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Prayer lesson 1: When you pray acknowledge God.

Rev. Enoch Thompson | October 18, 2023 | Nehemiah 1:1-6a


Then I said: "O Lord, God of heaven, the great and awesome God, who keeps his covenant of love with those who love him and obey his commands, Nehemiah 1:5 (NIV).


In response to the bad news he received, Nehemiah cried, fasted, and prayed. In our reflection yesterday we endorsed the importance of prayer as a response to the challenges that this life brings against us. Throughout the book of Nehemiah, we are going to encounter several instances of prayer by Nehemiah in his task of building, or rather rebuilding the physical, societal, and spiritual infrastructure of Israel. All the prayers of Nehemiah are instructive to us, and we must look forward to chewing upon them. In chapter 1 verses 5-11, we are going to see the immediate prayer that Nehemiah uttered to sum up his period of prayer on the first receiving of the bad news from Jerusalem and learn a few lessons from it.

The first lesson for our prayer life, from Nehemiah’s prayer in this section, is that in prayer we need to tap into our consciousness and knowledge of God. Nehemiah addressed God as "O Lord, God of heaven, the great and awesome God, who keeps his covenant of love with those who love him and obey his commands.” Who is God, and who is God to you? What have you read, and experienced of God in your personal life journey? These are the moving factors that inspire our faith, embolden our trust, and make us pray with a confident hope that God is, and God is a just rewarder of those who diligently seek Him (Hebrews 11:6)

When we think of the things that happen to us and around us and observe our helplessness in the face of some of those situations it makes good sense for us to seek help from a mind that is more intelligent than the most intelligent of humans, and from a hand that is stronger than all else. In the overwhelming floods that seek to undo our stability and to wash us away, we must appeal to the rock that is higher than us, God.

Does this make God a clutch that weaklings create in their imagination and cling to, an opium for the masses? No, and a thousand times NO! The God we talk about, and worship exists and is real. He reveals Himself to those who exercise faith in Him, He hears and answers their prayer. When you stand in prayer, please tell God you believe He is, and that He has a history of doing good.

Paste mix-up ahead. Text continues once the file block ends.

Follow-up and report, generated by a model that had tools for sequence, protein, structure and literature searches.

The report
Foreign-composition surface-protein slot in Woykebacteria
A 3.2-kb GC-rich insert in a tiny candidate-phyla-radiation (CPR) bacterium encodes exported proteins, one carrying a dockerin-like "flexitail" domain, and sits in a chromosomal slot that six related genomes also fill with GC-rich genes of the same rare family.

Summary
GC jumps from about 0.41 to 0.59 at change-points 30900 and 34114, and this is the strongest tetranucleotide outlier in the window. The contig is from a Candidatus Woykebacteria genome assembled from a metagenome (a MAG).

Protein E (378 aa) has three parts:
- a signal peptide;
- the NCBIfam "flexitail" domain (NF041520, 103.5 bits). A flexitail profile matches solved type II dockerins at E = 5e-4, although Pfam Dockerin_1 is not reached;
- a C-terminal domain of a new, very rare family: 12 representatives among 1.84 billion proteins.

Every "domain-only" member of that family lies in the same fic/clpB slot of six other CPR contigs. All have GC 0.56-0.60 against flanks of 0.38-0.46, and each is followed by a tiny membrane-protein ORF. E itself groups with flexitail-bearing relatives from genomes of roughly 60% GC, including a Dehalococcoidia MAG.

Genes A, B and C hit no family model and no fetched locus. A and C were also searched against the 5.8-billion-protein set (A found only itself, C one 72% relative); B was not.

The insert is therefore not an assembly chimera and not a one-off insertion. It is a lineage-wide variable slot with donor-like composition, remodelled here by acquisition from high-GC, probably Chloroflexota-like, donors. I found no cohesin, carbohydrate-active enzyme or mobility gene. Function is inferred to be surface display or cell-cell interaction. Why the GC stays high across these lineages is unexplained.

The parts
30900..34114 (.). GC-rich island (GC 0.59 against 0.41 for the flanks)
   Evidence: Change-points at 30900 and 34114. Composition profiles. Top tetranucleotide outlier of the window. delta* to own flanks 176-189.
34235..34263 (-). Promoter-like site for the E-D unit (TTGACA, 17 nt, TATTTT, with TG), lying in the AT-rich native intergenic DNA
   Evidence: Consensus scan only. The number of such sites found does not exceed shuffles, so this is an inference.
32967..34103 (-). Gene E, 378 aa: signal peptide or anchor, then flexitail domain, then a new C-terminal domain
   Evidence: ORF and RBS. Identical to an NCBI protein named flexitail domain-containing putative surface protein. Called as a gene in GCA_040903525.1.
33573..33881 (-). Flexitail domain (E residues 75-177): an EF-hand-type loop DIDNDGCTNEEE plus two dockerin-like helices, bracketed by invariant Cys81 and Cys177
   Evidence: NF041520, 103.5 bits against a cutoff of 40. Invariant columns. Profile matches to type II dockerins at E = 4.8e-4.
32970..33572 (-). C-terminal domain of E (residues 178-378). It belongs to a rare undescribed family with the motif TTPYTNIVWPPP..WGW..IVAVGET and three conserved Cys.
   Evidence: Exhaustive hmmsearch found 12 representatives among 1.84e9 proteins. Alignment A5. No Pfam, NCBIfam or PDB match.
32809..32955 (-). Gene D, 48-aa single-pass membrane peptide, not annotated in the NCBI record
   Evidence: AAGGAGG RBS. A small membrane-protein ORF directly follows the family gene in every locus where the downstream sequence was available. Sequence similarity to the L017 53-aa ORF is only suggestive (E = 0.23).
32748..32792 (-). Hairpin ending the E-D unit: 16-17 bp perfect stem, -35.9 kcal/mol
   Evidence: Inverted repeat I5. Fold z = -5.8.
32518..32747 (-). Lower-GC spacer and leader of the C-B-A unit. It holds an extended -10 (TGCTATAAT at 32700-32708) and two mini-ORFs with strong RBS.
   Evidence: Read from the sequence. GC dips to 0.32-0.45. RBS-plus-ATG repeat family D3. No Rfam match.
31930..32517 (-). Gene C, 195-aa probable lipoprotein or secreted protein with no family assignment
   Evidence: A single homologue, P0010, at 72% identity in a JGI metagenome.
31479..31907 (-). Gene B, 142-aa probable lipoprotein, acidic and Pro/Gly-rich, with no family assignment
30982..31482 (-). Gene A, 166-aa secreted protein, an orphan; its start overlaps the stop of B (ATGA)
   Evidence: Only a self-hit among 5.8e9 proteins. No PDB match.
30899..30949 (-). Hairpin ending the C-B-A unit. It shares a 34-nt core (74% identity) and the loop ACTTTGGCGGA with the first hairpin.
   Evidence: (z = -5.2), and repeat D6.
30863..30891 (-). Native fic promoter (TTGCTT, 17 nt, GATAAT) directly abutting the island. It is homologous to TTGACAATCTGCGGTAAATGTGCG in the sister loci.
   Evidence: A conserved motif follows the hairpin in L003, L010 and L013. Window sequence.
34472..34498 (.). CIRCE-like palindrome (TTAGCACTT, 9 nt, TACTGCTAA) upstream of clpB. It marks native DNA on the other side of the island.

As you read the Bible believe the record of God’s past mercies to the people of the ancients. Recall how God has shown you His hands in your own journey and trust Him to do what He has done in the past.


Almighty and everlasting God, creator of Heaven and earth, God and Father of our Lord Jesus Christ, covenant-keeping Father of glory, how I worship and exalt your excellent holy Name. You live forever irrespective of kings and kingdoms, and you will have the last word.

I bring before you my own life situation and that of the world around me. Please God have mercy on your lowly human creation and a planet in crisis. Let your Kingdom come, and your holy will be done on earth. Please reveal more and more of yourself to us and help us to pray aright. In Jesus’ mighty Name. Amen.


SHOWERS! BLESSINGS!! ____ DAILY word study: O LORD, GOD OF HEAVEN The phrase "O Lord, God of heaven" is translated from the Hebrew as follows: "אֲדֹנָי אֱלֹהֵי הַשָּׁמַיִם (Adonai Elohei HaShamayim): "אֲדֹנָי" (Adonai): This is a reverential term for "Lord" or "Master," indicating respect and submission. "אֱלֹהֵי" (Elohei): This means "God of," emphasizing God's divine nature and authority. "הַשָּׁמַיִם" (HaShamayim): This signifies "the heavens" or "the sky," underlining the vastness and transcendence of God.

In scripture, the phrase is used to mean:

  • Recognition of Authority: Addressing God as the "Lord, God of heaven" acknowledges His supreme authority over all creation, emphasizing His transcendence and sovereignty (e.g., Daniel 2:18).

  • Covenant-Keeping God: Nehemiah describes God as the one who keeps His covenant of love with those who love Him and keep His commandments. This emphasizes the relational aspect of God's nature and His faithfulness to His promises.

From this phrase, we learn about

  1. Reverence and Submission: The use of "Adonai" expresses reverence and submission, recognizing God's lordship over every aspect of life.

  2. Transcendence and Authority: Referring to God as the "God of heaven" highlights His transcendence and authority over the entire cosmos. It prompts reflection on the vastness and greatness of God.

  3. Covenantal Relationship: Nehemiah's acknowledgement of God's covenant-keeping nature invites us to consider our own relationship with God. How do we respond to His love, and are we faithful in keeping His commandments?


How does recognizing God as the "Lord, God of heaven" impact your understanding of His authority, transcendence, and the covenantal relationship He offers?

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